18 June 2009 4:38 pm
Living in the bush has its limitations, to be certain. We have most things in my village of 350, largely due to our hectic tourist trade: a pharmacy, a hospital, doctors, a post office, a hardware store, a garage, great organic food, fine coffee and an excellent hairdresser.
I’m always comforted to hear from my hairdresser that living in a shed is possible with two small children. So what do I need with a toilet, bathroom, kitchen, shower…?
My last trip to the Nimbin hairdresser got me thinking about Peggy’s Salon in Diamond Head in Honolulu, my Mecca on many recent trips to and from Canada.
I can’t wait to get there for my appointment and even though it’s been months or years since my last visit, Peggy, the owner, remembers me. Her tiny decorated dog with a rhinestone collar greets me. The room is full of laughter. And transformation.
Peggy Thompson’s clientele are not necessarily the women who stay at the three-star New Otani Hotel at Kaimana Beach, where she’s located.
They come from a wider group of older women who moved from Canada and the mainland USA to this tropical paradise. Decades ago, many of them.
Sitting in her salon, waiting for my appointment and catching up on the latest antics of the movie stars, I realise I’m witnessing caring on a grand — and intimate scale.
Every woman is precious to Peggy. Every head of hair, however faded, balding, worn, bedraggled, over permed, poorly cut and ill-coloured — deserves and gets her close attention. Every woman who leaves her friendly haven looks beautiful. Every one distinctively different.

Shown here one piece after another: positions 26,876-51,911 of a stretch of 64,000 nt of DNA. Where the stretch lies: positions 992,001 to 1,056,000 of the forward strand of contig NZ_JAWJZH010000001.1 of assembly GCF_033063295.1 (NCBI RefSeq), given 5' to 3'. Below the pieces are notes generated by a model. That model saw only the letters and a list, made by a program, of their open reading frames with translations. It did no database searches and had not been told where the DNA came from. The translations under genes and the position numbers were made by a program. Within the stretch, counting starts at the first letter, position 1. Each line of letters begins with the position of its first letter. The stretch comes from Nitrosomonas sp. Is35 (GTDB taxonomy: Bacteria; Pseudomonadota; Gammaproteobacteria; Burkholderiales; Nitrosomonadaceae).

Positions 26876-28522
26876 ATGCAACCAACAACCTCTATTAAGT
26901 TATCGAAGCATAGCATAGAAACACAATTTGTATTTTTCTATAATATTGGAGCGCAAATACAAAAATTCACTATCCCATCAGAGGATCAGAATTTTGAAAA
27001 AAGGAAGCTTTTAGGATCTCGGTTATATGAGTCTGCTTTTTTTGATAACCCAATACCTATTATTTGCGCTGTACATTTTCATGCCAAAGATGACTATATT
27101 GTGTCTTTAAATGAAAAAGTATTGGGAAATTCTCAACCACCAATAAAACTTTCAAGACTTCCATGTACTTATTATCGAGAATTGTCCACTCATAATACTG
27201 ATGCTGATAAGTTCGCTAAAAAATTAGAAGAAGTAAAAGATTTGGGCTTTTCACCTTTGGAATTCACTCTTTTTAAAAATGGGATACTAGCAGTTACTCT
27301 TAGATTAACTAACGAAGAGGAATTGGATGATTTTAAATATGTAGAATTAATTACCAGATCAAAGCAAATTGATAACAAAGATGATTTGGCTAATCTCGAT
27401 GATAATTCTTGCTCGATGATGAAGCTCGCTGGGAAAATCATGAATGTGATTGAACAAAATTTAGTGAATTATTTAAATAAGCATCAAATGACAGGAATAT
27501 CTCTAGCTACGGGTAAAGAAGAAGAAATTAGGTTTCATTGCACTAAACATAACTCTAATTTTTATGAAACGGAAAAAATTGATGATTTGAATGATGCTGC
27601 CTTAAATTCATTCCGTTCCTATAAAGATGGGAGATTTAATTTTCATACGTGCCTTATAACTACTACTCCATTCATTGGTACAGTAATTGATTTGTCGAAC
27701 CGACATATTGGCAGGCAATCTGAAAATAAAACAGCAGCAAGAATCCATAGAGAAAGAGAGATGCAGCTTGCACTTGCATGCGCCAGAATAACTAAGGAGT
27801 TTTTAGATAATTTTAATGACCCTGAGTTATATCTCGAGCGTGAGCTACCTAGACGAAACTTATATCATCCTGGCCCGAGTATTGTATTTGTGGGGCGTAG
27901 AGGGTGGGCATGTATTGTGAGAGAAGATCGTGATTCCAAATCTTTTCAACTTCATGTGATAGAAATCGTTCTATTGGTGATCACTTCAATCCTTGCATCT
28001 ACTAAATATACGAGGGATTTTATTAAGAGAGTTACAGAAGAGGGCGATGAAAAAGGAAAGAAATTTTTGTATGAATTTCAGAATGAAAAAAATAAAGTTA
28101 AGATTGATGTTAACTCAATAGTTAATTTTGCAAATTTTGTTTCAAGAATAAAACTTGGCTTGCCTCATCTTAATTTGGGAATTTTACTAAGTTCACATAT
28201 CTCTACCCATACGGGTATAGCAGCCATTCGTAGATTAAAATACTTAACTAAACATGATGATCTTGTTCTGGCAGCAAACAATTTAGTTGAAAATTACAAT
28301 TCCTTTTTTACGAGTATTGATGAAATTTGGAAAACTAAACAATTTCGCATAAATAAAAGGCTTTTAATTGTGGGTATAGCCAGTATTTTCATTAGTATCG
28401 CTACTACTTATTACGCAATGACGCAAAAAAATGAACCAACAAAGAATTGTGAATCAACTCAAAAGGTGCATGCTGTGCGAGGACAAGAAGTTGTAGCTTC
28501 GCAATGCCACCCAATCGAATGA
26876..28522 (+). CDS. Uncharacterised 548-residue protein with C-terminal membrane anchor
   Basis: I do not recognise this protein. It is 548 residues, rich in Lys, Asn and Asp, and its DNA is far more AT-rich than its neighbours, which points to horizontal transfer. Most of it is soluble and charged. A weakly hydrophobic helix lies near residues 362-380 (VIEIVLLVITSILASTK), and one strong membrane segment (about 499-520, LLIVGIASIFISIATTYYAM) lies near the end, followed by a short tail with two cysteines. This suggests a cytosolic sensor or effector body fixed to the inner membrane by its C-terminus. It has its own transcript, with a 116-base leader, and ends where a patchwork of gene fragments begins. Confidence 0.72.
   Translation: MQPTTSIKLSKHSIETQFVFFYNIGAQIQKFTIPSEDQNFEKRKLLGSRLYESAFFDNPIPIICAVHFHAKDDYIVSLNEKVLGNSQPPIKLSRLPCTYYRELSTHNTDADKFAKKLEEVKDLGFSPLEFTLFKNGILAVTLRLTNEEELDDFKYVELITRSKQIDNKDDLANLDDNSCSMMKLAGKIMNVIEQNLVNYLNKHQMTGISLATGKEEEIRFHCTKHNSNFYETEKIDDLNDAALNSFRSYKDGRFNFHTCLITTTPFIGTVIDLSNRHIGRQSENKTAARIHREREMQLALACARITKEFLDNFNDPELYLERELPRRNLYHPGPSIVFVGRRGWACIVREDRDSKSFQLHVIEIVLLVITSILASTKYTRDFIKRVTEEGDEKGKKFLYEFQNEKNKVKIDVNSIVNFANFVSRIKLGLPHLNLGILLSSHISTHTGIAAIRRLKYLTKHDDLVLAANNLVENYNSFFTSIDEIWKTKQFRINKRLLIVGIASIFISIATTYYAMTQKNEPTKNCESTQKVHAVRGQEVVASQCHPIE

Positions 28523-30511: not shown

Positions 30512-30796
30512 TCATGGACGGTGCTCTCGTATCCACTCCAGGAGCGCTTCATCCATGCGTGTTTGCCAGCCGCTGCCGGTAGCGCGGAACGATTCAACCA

Peggy’s not that much younger than her clientele, me included. She knows how to make us look elegant, bright and snazzy.
Peggy always regales us with stories of her trips to Reno and Las Vegas. Lately she’s been on a winning streak.
For every festive occasion (certainly including Easter, Halloween and St Patrick’s Day), the small salon is festooned with decorations.
Halloween and autumn decorations (a season not very evident in tropical Honolulu!) are featured, with turkeys, autumn leaves and pumpkins everywhere.
Green candy is on offer in March.
Over the Christmas season there is barely enough space for the nail polish bottles on counters covered with artificial snow, icicles, candy canes and snowmen. Santa never fails to visit Peggy’s salon.
With global warming, I wonder sadly how many more trips I can make to Peggy’s salon.
Ethically, I mean. Perhaps I could argue (to Gaia?) that I’m making a close anthropological inspection of the qualities of an ethic of caring in practice. One woman. Hundreds of elderly women.
Over twenty years in the business.
Making all of us beautiful and special. Transforming us. Caring for us with the impeccable attention that only a dedicated hairdresser can give.
Peggy and I have talked about this at length. It’s not accidental. She knows exactly what she’s doing. And she was delighted that I’d spotted it.
In Nimbin, our hairdressers have hippies and careworn bush people to care for.
They do that brilliantly and cheer us when the roof blows off and pythons come into our beds. They listen to our tales of woe and commiserate from a place of deep knowing
But for transformation, there’s nobody like Peggy.